Tuesday, October 2, 2012
In 2005, elderly Daniel Gross sought treatment in a Waterbury, Connecticut hospital. For completely unknown reasons, while he was being treated there, a hospital employee filled out an application for appointment of a conservator in Waterbury Probate Court.
In the involuntary conservatorship action, the probate court appointed Jonathan Newman to represent Gross. Despite the fact that Gross appeared to be alert and intelligent at the time of the hearing, Newman concluded that there was no legal basis for denying the application.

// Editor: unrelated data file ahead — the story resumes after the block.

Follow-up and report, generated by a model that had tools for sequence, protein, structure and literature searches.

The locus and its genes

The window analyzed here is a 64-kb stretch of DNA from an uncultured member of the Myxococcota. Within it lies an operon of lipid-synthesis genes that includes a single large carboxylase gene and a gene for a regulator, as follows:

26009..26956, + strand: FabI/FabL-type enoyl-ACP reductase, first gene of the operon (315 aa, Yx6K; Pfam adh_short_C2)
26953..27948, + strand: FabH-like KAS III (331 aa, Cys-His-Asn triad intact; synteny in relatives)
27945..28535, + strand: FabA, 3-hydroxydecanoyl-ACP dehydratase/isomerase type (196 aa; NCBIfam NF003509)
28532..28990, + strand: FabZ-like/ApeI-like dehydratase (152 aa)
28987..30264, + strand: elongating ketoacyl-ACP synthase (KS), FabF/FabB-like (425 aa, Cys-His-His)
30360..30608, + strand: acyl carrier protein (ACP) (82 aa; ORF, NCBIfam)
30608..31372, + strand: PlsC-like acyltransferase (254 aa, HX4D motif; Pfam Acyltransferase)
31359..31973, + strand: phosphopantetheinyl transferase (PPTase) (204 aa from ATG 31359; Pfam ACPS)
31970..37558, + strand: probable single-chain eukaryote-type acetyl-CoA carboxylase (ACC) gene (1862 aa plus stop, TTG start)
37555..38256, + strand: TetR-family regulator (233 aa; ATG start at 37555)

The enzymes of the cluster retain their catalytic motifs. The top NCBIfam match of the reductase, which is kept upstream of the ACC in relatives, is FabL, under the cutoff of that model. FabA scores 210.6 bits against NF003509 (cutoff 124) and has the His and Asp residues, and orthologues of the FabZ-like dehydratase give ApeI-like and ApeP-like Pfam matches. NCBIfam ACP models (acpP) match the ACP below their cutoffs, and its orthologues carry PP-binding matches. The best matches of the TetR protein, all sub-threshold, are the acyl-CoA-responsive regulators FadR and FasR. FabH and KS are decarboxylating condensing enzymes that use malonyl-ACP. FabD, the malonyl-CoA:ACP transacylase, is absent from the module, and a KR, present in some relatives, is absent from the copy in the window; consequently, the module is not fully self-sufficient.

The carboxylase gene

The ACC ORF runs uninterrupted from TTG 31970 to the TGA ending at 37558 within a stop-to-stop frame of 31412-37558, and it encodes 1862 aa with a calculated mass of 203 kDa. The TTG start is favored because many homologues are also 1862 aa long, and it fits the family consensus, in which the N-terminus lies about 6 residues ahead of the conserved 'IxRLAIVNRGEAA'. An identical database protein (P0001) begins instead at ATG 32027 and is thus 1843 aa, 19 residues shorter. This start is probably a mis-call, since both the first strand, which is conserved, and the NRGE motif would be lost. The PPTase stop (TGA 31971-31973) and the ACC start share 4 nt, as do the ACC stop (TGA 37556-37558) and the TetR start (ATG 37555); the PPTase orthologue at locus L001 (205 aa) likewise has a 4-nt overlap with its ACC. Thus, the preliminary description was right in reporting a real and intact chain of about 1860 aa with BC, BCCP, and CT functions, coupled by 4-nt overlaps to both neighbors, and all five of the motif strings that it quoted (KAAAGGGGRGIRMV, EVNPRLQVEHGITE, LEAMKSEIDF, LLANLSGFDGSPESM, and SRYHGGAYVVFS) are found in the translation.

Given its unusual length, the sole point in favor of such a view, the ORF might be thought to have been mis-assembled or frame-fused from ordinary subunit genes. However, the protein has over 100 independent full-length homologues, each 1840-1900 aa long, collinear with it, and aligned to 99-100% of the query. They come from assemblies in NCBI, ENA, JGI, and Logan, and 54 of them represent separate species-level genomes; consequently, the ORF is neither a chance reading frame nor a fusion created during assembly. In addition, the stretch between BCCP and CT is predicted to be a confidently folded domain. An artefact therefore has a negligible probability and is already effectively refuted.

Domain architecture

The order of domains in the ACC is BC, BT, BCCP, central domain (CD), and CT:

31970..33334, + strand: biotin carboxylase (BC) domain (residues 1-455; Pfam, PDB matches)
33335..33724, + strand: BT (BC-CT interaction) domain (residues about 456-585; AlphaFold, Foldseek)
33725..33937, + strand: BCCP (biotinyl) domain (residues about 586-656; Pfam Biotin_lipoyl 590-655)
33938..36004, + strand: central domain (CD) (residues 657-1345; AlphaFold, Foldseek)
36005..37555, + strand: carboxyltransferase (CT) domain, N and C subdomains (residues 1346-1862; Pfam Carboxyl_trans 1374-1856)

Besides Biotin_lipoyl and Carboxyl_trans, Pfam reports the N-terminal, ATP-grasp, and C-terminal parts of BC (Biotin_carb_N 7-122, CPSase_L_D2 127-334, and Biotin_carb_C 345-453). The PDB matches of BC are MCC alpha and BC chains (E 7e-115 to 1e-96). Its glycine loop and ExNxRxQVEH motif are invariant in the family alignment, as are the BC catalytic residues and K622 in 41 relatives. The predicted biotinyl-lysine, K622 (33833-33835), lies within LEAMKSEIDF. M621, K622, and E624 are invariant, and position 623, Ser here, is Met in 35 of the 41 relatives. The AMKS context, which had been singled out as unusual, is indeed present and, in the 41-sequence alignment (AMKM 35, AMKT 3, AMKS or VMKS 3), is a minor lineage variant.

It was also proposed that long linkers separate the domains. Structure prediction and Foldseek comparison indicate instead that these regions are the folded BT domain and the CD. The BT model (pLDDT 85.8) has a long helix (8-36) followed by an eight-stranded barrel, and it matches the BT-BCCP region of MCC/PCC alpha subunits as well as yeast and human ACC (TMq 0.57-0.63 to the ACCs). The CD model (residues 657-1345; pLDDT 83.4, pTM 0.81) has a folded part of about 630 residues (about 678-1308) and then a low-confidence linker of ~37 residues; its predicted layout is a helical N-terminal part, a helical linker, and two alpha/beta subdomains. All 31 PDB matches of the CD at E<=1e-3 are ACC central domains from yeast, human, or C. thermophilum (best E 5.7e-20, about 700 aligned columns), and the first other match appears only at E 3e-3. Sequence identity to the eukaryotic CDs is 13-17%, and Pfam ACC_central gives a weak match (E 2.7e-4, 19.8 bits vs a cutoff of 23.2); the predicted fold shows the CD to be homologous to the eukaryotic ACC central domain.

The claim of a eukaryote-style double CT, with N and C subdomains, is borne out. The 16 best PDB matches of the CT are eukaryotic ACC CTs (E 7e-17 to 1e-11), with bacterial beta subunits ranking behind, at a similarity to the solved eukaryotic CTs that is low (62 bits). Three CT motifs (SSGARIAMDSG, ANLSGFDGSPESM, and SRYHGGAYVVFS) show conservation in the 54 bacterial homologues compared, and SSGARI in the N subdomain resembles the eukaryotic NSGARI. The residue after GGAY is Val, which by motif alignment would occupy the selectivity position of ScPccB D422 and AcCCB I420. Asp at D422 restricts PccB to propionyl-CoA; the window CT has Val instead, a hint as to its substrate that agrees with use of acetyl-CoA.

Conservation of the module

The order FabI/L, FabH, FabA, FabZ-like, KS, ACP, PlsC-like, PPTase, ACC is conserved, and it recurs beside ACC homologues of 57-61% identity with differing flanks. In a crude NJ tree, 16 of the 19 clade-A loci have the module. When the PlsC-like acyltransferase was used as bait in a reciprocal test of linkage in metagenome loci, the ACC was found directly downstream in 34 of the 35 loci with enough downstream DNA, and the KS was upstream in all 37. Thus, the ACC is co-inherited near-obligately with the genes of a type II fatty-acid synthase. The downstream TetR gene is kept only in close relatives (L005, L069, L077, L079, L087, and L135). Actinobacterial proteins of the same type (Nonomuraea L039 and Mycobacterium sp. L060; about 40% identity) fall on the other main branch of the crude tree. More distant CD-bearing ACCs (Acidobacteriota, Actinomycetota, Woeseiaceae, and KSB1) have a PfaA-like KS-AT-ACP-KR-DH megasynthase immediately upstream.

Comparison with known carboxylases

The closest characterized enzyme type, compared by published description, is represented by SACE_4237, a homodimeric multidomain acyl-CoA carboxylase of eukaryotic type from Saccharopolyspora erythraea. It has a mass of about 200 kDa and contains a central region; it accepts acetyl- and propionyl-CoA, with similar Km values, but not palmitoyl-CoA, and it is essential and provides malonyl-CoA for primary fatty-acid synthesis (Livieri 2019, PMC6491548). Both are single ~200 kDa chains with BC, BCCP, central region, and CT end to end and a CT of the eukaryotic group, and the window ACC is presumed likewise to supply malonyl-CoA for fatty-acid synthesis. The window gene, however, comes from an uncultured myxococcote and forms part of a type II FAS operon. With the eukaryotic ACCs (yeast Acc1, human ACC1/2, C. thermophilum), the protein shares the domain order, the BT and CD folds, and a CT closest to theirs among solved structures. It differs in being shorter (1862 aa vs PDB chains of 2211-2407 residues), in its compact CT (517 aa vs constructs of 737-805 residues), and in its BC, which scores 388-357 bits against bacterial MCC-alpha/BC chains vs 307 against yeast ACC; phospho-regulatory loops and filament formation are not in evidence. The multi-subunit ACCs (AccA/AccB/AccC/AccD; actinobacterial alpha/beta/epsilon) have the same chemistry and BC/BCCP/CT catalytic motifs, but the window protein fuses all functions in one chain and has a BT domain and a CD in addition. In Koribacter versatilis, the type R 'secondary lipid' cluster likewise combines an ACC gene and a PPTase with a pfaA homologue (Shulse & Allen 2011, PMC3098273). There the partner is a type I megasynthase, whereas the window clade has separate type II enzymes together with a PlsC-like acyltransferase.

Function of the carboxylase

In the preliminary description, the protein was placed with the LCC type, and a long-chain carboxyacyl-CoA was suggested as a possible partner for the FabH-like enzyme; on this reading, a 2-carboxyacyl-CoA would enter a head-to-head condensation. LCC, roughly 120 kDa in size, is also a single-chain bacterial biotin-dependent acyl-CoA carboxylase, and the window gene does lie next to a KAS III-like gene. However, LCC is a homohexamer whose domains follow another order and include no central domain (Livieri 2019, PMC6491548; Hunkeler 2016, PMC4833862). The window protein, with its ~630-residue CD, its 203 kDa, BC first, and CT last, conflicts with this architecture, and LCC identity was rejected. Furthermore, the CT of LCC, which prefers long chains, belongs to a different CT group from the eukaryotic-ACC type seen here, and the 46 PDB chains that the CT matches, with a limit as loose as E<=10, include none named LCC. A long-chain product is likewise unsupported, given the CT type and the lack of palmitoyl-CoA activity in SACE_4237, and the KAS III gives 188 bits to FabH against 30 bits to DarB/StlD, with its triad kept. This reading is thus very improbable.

Kathleen Donovan was appointed the conservator and she placed Gross in a "locked ward" in Grove Manor Nursing Home, where he remained until the Connecticut Superior Court granted his habeas petiton.
Gross sued Donovan and Newman for civil rights violations. The district court held that Donovan and Newman enjoyed quasi-judicial immunity and dismissed his claim. This week, the Second Circuit Court of Appeals ruled that the court-appointed attorney and the conservator were not entiteld to absolute federal quasi-judicial immunity.
See Elderly Man Can Sue Conservator, Attorney For Nursing Home Stay, www.StopGuardianAbuse.org, Oct. 2, 2012.